As a new fashion season starts – and with it an inevitable deluge of a thousand blurry Instagrams attempting to document it as it happens – a visit to the Millesgarden Museum in Stockholm to see Fashion, Figures, Faces: Mats Gustafson, a 30-year retrospective of the renowned fashion illustrator, is a rare chance to savour an altogether more elegant means of capturing fashion. With a few deft brushstrokes, Gustafson can capture the subtly undulating curves of a Yohji Yamamoto silhouette or reduce a Romeo Gigli ruffled coat to an almost abstract form with a great deal more eloquence than a digital image ever could. Far from being an anomaly in the post-modern age, Gustafson’s dedication to his craft marks him out as an artisan in the deepest sense. Gustafson protests, “I don’t want to be considered a throwback or a conservative person but I am very content to work with my hands and paper and I’m more inspired by that – I like to see the presence of the hand. It sounds so reactionary really because I try to keep an open eye and mind. But sometimes the shock of the old is more interesting than the contemporary.”
"I am very content to work with my hands and paper and I’m more inspired by that – sometimes the shock of the old is more interesting than the contemporary”
The genre of fashion illustration may have all but disappeared now (with a few notable exceptions) but it was once a crucial element of luxury advertising – rising to prominence in the 1920s with the seminal Gazette Du Bon Ton and again in the 80s with the late Anna Piaggi’s revolutionary Vanity magazine. Antonio Lopez’s ultra-glamorous drawings leapt off the page and caught the eye of a young Gustafson growing up in Sweden, who says “that triggered something in me that made me think I could do this.” After completing a degree in stage design in Stockholm, Gustafson started illustrating for H&M before landing his first international commission for Grace Coddington in 1978, then fashion editor at British Vogue. Relocating to New York in the 80s, Gustafson’s spare, sensual aesthetic has since graced the pages of Vogue, The New Yorker, Vanity Fair and Visionaire and advertising campaigns for the likes of Chanel, Gigli, Comme des Garçons and Yamamoto.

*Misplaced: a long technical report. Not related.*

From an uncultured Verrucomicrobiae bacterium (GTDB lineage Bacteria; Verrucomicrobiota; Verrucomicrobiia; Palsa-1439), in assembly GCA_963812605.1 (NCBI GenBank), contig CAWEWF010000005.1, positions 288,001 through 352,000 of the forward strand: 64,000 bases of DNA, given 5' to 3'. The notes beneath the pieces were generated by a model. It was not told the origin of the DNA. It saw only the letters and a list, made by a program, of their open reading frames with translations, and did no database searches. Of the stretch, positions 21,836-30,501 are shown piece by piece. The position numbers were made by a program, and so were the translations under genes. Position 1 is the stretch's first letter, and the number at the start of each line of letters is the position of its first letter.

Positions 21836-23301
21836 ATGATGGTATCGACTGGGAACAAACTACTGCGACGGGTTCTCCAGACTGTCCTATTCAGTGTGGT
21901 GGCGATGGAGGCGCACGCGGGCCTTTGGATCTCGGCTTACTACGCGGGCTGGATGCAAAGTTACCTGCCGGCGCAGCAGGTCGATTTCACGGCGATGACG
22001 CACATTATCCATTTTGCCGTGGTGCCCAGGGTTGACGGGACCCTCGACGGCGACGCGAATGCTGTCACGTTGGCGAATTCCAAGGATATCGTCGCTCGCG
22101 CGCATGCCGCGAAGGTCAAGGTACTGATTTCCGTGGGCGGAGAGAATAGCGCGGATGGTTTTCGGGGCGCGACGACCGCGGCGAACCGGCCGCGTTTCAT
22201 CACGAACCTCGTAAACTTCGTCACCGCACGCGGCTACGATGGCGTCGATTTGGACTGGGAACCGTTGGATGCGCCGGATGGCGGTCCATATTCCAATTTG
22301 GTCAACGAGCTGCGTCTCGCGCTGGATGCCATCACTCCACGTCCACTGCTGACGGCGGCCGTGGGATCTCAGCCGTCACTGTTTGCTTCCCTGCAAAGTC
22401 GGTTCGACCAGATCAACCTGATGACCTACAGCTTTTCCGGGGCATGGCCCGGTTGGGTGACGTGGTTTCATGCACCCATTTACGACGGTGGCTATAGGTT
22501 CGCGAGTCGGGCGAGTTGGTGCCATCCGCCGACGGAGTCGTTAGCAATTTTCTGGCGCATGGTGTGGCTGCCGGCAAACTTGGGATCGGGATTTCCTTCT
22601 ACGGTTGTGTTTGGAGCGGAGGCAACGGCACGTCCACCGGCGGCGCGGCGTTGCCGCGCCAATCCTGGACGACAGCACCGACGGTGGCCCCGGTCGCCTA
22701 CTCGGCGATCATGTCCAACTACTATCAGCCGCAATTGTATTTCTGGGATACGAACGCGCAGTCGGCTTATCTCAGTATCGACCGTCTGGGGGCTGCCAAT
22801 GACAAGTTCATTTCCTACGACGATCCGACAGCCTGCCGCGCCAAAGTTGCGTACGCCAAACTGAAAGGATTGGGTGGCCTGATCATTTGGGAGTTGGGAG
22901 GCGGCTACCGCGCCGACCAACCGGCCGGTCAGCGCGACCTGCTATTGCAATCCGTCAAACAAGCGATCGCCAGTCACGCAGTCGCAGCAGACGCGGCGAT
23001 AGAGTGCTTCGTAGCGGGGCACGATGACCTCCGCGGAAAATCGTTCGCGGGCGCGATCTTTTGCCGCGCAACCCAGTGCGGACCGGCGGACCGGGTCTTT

More recently, following in the footsteps of the revered 40s illustrator Rene Gruau, he has collaborated with the house of Christian Dior, now under the stewardship of Raf Simons. In Simons, Gustafson has found a kindred sensibility that chimes with his own – “I do like Raf’s sense of clean, modern. He has a lot of references to Dior but he can do that without a trace of nostalgia – it’s a very pure and intellectual conversation he has with the house of Dior and I’m intrigued by his vision.” In attempting to get to “the essence of design”, Gustafson’s ethereal watercolour, pastels and cut out paperworks eschew trends, achieving something far more meaningful instead, in order to fulfill his aim to “make my fashion drawings not just something to consume but something you could look at the next day and have a longer life.”
It’s this search for a timelessness that has seen a shift in his personal work to working with different subject matter, displayed in the limited edition monograph, Mats Gustafson: Watercolors, a selection of his work from 1989-2001, reissued to coincide with his exhibition – from majestic landscapes to lyrical depictions of deer and swan and a series of nudes that evoke lust and fragility at the same time. Working in this way has allowed Gustafson to continually challenge himself, “I needed to do my own work to counteract the fashion work but each has influenced the other and it was a way for me to grow as an artist.” His exquisite oeuvre betrays an unashamedly romantic spirit, albeit one tinged with a sense of melancholy. He shrugs, “Well that’s the Scandinavian aspect of me I guess. Romantic, I have no problem with that – I’m a sucker for beauty. Fashion is not always about beauty but to me it is – when it works, it really is about beauty.”
Text by Kin Woo